The city of Denver is taking action to save the historic Bosler House, which has a roof that has been open to the elements since 2009.
This week, a court-appointed receiver will move to sell the structure at 3209 W. Fairview Place, in lieu of foreclosure.
Denver began foreclosure proceedings on the house in May of 2015, after the owner, Keith Painter, accumulated $560,000 in fines.
Painter had been granted permits to do some roof and siding work on the historic structure, but the city said the work he was doing exceeded the scope authorized by the permits.
"He had a permit to replace shingles," said Andrea Burns of the city's Community Planning and Development Office, "but he popped the top."
She said Painter started working on the roof without getting approval from Denver’s Landmark Preservation Commission.
“Historic properties in Denver have a higher bar for preservation and maintenance,” she said.
The Bosler House, built in 1875 and designated a city landmark in 1984, was purchased by Painter in 1987.
When the city asked Painter to restore the original roof profile, he said he couldn’t without causing more damage.
Last summer, Painter told Denver7 that the temporary roof the city wanted him to install would have cost $90,000.
“It would have cost more than an arm and a leg,” he said, “it would have cost me the first born from each of my daughters, and something more, and that’s not acceptable.”
In a news release, Burns said that after the city issued a “stop-work” order, Painter declined to return the roof to its earlier condition, and instead proposed demolishing the historic building.
"Over the next six years, attempts to work with the owner to bring the property into compliance with city maintenance and historic preservation requirements were not successful," she said.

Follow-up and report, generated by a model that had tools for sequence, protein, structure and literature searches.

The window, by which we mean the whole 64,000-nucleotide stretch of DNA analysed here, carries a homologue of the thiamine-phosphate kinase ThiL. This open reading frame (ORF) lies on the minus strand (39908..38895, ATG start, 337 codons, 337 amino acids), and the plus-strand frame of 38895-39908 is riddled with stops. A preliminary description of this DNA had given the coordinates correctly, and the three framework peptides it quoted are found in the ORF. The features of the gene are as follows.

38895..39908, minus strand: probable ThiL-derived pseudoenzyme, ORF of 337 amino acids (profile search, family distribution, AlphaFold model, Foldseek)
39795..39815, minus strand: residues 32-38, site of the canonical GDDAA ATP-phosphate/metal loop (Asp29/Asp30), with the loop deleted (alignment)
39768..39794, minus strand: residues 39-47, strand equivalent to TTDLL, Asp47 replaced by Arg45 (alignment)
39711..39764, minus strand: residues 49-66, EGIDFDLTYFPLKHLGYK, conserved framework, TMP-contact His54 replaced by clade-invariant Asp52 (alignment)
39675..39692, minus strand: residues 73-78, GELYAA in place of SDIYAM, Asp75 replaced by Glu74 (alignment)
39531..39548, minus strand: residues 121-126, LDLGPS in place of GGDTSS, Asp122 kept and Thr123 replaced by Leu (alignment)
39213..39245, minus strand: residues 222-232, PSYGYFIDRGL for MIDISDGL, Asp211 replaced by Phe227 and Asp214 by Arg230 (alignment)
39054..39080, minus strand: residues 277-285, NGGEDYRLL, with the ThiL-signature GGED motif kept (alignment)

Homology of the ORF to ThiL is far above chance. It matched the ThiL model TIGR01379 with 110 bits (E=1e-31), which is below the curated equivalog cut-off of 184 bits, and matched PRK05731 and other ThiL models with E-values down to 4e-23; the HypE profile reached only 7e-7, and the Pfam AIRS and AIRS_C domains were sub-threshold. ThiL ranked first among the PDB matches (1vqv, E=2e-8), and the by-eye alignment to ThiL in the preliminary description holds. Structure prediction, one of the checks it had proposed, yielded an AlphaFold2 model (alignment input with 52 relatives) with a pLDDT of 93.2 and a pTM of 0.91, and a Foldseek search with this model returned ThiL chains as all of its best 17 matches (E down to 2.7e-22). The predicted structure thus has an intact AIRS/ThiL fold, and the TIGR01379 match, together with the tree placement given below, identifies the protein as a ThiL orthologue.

During that time the roof remained open, exposing the interior of the house to wind, rain and snow.
Painter told Denver7 that he offered to put a tarp on it, but the city rejected that request.
“We implored him to close the roof,” Burns said. “We’ve been desperate to get that roof closed. However, we certainly wanted it done in a proper way and that just wasn’t something that we could agree to.”
With the roof open, the plaster, drywall and wood floors all suffered extensive damage.
Last summer, the city began a historic structure assessment, funded by a grant from History Colorado, which concluded that unauthorized alterations over the last 20 years have left the house in fair to poor condition.
Despite serious damage, the assessment indicates the house can be restored by qualified engineers and historic preservation professionals. But it will be costly. The assessment estimates a $1.7 million price tag to restore the house.
"Our goal is to save this irreplaceable city landmark," said Barbara Stocklin-Steely, principal city planner for landmark preservation. "We are hopeful that a qualified buyer with resources and expertise can restore the Bosler House and make it a point of community pride once more.
When asked what happens if the house doesn’t sell right away, Burns told Denver 7, “We’re going to take this one step at a time. If the house isn’t sold, it will stay in the possession of the court.”
Burns said the city is optimistic that someone will come forward.